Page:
Endocrine Society Responds to Trump’s Executive Order on Immigration
US President Donald Trump signed an executive order on Friday, January 27, limiting refugees into the US, barring the citizens of seven countries—Iraq, Iran, Syria, Somalia, Sudan, Libya, and Yemen—from entering the US on any visa category, and, consequently, also creating new barriers to the global exchange of scientific information. In recent days, the order has caused confusion and there has been a lack of clarity among various US agencies about its implementation. In the coming days, we expect to see legal challenges to overturn the order both through the judicial and legislative processes, but we do not know whether this order will be allowed to stand.
The Society strongly opposes efforts that create barriers to the exchange of scientific information. We will continue to welcome and support scientists and clinicians from around the globe in our Society and our meetings and activities because science, like disease, has no borders. We are currently working with the broader research and medical community on supporting legal efforts to overturn the order and we are exploring ways to accommodate those colleagues who are prevented from attending ENDO through special online access to sessions.
You can read a copy of the Society’s press release on this issue here.
Eli Lilly Rolls Announces Discount Program to Address Insulin Prices
Eli Lilly and Company announced that it will offer discounted prices on insulin products purchased through certain online platforms as a step toward addressing increasing insulin prices. Starting January 1, 2017, Lilly’s discounts, offered through a partnership with Express Scripts, will benefit people with diabetes who have no insurance and those who are covered by a high-deductible insurance plan and have not yet met the deductible. Lilly said people who currently buy insulin products at full price may save 40 percent by purchasing the products through Blink Health’s web and mobile platforms.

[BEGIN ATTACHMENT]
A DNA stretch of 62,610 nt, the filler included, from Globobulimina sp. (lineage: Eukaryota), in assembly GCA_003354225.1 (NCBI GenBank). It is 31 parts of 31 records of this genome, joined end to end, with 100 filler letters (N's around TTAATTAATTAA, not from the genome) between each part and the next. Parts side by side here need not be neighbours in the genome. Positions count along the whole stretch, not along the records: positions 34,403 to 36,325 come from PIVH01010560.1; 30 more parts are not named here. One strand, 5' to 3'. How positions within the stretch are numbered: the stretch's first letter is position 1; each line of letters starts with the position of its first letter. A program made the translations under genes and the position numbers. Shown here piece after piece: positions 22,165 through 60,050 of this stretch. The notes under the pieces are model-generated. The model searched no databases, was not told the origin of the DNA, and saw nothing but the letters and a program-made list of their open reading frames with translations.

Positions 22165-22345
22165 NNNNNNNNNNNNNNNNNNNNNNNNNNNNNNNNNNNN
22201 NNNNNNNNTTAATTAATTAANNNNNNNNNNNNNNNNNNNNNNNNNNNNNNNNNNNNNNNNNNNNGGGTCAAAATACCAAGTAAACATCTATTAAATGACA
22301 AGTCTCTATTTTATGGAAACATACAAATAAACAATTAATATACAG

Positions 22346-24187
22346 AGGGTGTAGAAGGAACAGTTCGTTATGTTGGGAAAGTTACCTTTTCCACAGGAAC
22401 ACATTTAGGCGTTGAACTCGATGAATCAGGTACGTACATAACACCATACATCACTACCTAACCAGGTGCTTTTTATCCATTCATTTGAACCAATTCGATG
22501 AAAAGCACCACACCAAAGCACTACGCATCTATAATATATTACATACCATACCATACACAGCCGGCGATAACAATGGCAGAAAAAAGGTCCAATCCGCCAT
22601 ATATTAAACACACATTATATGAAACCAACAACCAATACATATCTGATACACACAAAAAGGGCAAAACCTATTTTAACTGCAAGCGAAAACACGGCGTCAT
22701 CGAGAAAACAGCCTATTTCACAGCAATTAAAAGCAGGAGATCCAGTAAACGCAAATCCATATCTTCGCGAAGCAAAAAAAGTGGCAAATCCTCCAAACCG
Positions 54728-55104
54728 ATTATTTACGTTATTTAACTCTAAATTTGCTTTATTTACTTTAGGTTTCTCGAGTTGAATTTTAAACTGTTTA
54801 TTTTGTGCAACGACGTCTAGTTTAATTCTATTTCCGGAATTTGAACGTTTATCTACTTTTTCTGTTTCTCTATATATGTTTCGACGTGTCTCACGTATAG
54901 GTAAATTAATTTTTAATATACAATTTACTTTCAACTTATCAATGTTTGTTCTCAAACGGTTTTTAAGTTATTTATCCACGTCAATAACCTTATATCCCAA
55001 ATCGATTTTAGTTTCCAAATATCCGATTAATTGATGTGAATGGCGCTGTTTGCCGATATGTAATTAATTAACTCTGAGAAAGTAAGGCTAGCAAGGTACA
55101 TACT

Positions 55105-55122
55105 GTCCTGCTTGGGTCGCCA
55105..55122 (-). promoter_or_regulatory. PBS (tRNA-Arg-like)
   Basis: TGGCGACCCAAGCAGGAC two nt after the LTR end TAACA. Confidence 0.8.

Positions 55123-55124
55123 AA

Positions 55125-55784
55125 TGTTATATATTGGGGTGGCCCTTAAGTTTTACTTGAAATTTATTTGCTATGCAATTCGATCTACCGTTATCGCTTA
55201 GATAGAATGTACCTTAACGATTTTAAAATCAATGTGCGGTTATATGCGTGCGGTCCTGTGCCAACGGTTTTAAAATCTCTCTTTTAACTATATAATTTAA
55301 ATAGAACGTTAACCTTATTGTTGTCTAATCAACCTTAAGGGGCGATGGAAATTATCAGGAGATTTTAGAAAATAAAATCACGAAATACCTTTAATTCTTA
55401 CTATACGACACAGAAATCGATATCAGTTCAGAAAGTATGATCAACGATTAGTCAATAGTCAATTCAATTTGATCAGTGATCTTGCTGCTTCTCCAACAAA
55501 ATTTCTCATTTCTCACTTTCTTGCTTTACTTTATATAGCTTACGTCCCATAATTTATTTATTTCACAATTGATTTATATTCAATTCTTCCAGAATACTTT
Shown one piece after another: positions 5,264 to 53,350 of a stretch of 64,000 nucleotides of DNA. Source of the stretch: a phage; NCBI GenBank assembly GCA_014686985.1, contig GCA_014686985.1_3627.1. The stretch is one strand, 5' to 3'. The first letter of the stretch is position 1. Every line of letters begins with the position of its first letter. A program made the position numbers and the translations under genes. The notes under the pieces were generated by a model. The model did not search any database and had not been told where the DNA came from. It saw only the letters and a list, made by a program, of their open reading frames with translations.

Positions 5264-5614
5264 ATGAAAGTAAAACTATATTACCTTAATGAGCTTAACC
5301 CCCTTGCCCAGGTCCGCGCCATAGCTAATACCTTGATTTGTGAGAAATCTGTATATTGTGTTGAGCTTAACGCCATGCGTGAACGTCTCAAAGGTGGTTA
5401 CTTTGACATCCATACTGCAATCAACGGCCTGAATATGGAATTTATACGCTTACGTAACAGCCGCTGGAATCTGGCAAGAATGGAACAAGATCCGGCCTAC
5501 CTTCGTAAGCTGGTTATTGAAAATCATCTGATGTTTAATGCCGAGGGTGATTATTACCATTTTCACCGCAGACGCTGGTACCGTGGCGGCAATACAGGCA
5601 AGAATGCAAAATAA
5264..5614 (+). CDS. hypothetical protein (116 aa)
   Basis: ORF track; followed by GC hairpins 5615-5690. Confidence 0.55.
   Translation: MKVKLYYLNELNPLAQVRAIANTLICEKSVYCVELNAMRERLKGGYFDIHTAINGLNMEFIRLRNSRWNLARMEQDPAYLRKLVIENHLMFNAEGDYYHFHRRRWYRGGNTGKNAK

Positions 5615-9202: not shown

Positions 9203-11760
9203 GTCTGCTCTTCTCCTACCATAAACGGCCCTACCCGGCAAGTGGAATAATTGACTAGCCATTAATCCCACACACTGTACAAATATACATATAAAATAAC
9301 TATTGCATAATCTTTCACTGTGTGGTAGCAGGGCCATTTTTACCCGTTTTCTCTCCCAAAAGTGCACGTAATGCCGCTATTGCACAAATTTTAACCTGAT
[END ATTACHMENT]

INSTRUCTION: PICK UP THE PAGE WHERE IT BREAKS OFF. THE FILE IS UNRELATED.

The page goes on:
The Society is concerned rising insulin prices have created a barrier that makes it challenging for people with diabetes who are insulin-dependent to obtain treatments they need. We continue to call on entities throughout the insulin supply chain—including manufacturers, pharmacy benefit managers and insurers—to ensure this life-saving therapy remains accessible to patients who need it. With greater transparency across the supply chain, the Society believes stakeholders can work together to help patients and providers maintain access to affordable, patient-centered therapies.
Take Action: While this plan will not help all patients, we encourage physicians to share this information with patients who use Eli Lilly insulin products and may be eligible.
CMS Offers Additional Resources for Quality Payment Program Implementation